Croatia Digital Nomad Visa: No Income Tax and Includes Freelancers

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Croatia introduced the concept of a digital nomad visa in late 2020, but it has now come into effect as of January 2021. Digital nomads can now live and work in Croatia on an extended basis, making it one of the many countries that offer digital nomad visas

The law defines a digital nomad as someone whose work can be done electronically (i.e. over the internet). Further, to qualify under the new scheme one must be from outside the EU, and EU citizens can live and work in Croatia under European Union law. The visa lasts one year to start, then you are able to reapply after a six month period has passed. 

No income tax in Croatia for digital nomads

The first big benefit of Croatia’s digital nomad visa is that digital nomads are exempt from income tax in the country. According to Expat In Croatia, the new law (written in Croatian) translates to mean that people on a digital nomad visa working in Croatia for non-Croatian companies will not be subject to income tax. 

This doesn’t mean that you don’t have to pay income at all, though. Most countries require you to pay income tax wherever you are a citizen. The United States is a famous example, which requires all Americans to report and pay income tax regardless of where you live. Another consideration is whether Croatia has a tax treaty with your country of citizenship. If you are from a tax treaty country, you may have a different tax situation.

Requirements to qualify for Croatia’s digital nomad visa

Requirements for Croatia’s digital nomad visa are similar to most other countries. To start, all applicants that require a visa to enter the country must apply to a Croatian embassy or consulate abroad. 

From there, you need to prepare your application. Expat In Croatia says that includes:

  • A completed application form.
  • Valid passport.
  • Proof of income / proof you are a digital nomad.
  • OIB identification number (required to sign a rental contract).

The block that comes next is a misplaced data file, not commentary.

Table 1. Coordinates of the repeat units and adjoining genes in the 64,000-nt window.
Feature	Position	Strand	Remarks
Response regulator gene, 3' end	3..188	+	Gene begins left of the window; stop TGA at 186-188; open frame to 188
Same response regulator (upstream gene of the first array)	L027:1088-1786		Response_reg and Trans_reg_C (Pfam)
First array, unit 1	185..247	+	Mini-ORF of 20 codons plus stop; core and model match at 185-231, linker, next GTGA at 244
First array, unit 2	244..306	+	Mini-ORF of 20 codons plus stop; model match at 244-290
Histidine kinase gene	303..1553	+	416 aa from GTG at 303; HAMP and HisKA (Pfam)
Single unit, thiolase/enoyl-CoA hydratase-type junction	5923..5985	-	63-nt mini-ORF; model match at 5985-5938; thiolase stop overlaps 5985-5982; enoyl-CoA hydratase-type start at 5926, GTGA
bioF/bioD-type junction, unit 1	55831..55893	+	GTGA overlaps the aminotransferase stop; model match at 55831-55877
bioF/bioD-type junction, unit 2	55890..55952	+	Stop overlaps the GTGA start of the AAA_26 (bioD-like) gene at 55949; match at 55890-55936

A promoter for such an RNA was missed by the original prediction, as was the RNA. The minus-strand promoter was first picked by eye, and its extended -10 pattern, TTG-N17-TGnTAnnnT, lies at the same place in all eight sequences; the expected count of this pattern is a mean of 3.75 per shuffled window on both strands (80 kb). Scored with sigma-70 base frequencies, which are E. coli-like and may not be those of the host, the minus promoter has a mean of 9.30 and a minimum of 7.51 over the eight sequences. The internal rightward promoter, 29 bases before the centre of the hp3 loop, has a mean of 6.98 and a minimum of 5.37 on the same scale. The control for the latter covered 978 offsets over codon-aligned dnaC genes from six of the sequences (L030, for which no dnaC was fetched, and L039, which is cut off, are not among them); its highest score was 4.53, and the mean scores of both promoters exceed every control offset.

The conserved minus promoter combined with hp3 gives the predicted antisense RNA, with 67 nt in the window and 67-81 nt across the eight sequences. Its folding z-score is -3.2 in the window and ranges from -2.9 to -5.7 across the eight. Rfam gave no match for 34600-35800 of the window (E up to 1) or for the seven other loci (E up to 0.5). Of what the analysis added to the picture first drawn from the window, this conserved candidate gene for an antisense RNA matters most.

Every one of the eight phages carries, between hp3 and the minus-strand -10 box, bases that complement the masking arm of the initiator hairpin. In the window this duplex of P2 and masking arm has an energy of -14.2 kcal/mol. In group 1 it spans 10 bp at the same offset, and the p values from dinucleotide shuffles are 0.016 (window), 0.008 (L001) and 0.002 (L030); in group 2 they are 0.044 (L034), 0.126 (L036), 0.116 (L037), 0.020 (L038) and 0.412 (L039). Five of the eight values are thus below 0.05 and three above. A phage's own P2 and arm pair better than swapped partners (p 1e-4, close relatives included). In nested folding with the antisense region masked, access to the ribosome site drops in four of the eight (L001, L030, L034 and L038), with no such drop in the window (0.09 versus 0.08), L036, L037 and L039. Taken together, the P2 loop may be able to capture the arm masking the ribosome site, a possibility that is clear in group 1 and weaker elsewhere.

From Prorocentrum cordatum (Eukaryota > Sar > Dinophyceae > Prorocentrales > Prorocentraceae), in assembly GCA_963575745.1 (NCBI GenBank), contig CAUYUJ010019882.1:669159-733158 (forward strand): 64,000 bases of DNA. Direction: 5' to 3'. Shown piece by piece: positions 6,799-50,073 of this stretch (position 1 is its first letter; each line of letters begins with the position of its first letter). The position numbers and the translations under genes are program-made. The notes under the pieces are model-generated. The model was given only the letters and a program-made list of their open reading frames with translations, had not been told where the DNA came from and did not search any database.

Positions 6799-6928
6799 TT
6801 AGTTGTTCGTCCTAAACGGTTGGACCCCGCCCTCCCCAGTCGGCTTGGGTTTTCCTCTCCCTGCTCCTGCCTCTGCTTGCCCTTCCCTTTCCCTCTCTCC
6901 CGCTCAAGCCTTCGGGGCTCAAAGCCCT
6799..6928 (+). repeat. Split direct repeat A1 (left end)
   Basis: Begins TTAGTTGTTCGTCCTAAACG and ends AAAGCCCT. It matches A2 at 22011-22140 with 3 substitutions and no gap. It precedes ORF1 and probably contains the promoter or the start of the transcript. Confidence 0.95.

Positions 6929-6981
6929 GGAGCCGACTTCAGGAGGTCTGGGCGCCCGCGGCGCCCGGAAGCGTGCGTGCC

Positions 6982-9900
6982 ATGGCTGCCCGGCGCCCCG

• Government background check from your home country.
  • Sufficient health insurance.
  • A rental contract for your home in Croatia. 
  • Proof of funds (it’s low – around $500 per month USD for an individual should suffice).
  • 2 passport photos
  • Paying the application fee (around $75 USD)

According to Expat In Croatia, the process takes about three weeks. After that has passed, assuming no issues with your application, you get a residency card and you’re good to go.

Letting freelancers in

Freelancing continues to grow around the world. Some remote worker and digital nomad visas require income to come from a job. Croatia’s digital nomad visa, on the other hand, does not. In fact, the first person to qualify for the visa is an entrepreneur. Reported by Euronews, American entrepreneur Melissa Paul lost her residency permit after divorcing her Croatian husband. However, she qualified for the digital nomad visa as a ‘third-country national’ with a registered company. 

That said, the process isn’t always easy. 

“There was a lot of back and forth with the ministry in Zagreb. I needed many written statements: what I do, where my company is based, company incorporation documents, proof it’s in good standing, and even an employment contract with myself,” said Paul to Euronews. “Oh, and of course an official stamp. One thing I’ve learned is that officials here love stamps.”

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